She sits Carmichael down on a chair in the front room and begins to cut the thing from him like a spiritualist barber. The exorcism is accompanied by a raucous crashing of furniture and more plates being smashed than at a Greek double wedding. Eventually the elemental is released and all is back to normal.

Later as the happy couple relax they hear scratching in the floorboards above. Carmichael investigates but he’s thrown to the hallway carpet. Susan, like a short circuited Stepford Wife, is possessed by the Elemental and accuses him of trying to kill it. The iron fire poker swoops down and fades to Temptations Ltd.

Here we have Ian Ogilvy struggling to find enough money to pay for a carved door he’s discovered. Cushing accepts the last £40 in his wallet and places it in the opened drawer of the till to tempt him. The Proprietor returns and starts counting up the money and the film starts counting down to the end.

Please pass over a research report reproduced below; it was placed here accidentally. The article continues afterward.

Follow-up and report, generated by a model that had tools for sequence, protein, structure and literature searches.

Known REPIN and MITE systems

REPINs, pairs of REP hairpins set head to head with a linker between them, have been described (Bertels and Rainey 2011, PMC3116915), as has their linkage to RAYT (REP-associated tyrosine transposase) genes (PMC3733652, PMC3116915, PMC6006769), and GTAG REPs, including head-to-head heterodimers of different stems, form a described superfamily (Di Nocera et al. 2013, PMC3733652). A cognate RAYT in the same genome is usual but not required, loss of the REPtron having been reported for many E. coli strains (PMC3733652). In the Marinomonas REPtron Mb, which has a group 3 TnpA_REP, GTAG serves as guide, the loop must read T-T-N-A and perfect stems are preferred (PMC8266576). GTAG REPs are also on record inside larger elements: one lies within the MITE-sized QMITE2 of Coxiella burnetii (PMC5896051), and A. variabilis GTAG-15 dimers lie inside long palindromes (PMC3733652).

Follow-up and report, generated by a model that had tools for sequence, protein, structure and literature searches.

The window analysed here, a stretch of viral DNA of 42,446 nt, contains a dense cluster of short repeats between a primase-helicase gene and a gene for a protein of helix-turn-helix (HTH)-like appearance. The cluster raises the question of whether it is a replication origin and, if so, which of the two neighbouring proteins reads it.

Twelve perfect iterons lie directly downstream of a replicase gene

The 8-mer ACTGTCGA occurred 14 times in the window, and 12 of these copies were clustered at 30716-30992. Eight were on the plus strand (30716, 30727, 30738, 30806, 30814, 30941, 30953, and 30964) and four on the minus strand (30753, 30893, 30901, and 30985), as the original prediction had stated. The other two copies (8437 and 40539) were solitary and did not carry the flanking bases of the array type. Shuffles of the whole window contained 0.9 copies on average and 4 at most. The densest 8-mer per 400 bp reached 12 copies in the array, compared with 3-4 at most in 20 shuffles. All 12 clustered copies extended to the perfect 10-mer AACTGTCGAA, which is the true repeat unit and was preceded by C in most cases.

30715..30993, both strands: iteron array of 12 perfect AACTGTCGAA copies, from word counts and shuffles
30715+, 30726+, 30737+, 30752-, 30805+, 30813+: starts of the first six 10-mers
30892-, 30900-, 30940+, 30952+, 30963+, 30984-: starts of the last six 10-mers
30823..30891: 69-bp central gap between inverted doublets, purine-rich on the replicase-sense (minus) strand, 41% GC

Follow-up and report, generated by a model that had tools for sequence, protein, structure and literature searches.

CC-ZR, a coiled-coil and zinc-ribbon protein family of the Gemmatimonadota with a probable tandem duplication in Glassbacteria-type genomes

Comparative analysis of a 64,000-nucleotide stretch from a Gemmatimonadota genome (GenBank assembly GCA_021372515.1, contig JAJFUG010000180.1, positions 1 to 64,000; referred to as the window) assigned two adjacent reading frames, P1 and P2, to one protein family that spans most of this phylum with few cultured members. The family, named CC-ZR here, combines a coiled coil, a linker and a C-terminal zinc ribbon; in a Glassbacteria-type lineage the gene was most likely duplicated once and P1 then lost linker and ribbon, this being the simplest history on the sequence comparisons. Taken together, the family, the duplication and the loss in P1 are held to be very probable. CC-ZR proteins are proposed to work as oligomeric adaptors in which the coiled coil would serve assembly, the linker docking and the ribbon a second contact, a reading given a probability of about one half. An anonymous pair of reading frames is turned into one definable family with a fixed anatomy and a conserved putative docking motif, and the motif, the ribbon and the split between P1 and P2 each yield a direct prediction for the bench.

‘The Door’ is a bookend tale to accompany ‘The Gatecrasher.’ It too is a portal into another world. This time into the past and the castle of a depraved ghost who traps souls behind the door so he may live in eternity.

Ogilvy is locked in when he investigates the room behind the door. He fights the ghost as the castle walls crash around them. Trapped, he screams at his wife, played by the beautiful Lesley-Anne Down, to destroy the door with an axe. Finally the nightmare is over and the room gone. We see a new door open to reveal nothing more than a boring stationary cupboard, boring, but safe.

Cushing counts up to £40 and returns the money to the till. After seeing off an opportunist thief who has been casing the shop throughout the film, he breaks the fourth wall by inviting the viewers into the shop. Telling us he caters for all tastes, “Every one with a novelty surprise.”

If this film doesn’t manage to chill, scare and make you laugh then maybe you should be watching the darts on the other channel. Be very careful it’s not objet d’arts though, you might just be tempted..!

Thursday, 26 January 2012

A Magpie's Tale- A Themed Anthology.

A Magpie's Tale by Anthony Cowin from Anthony Cowin on Vimeo.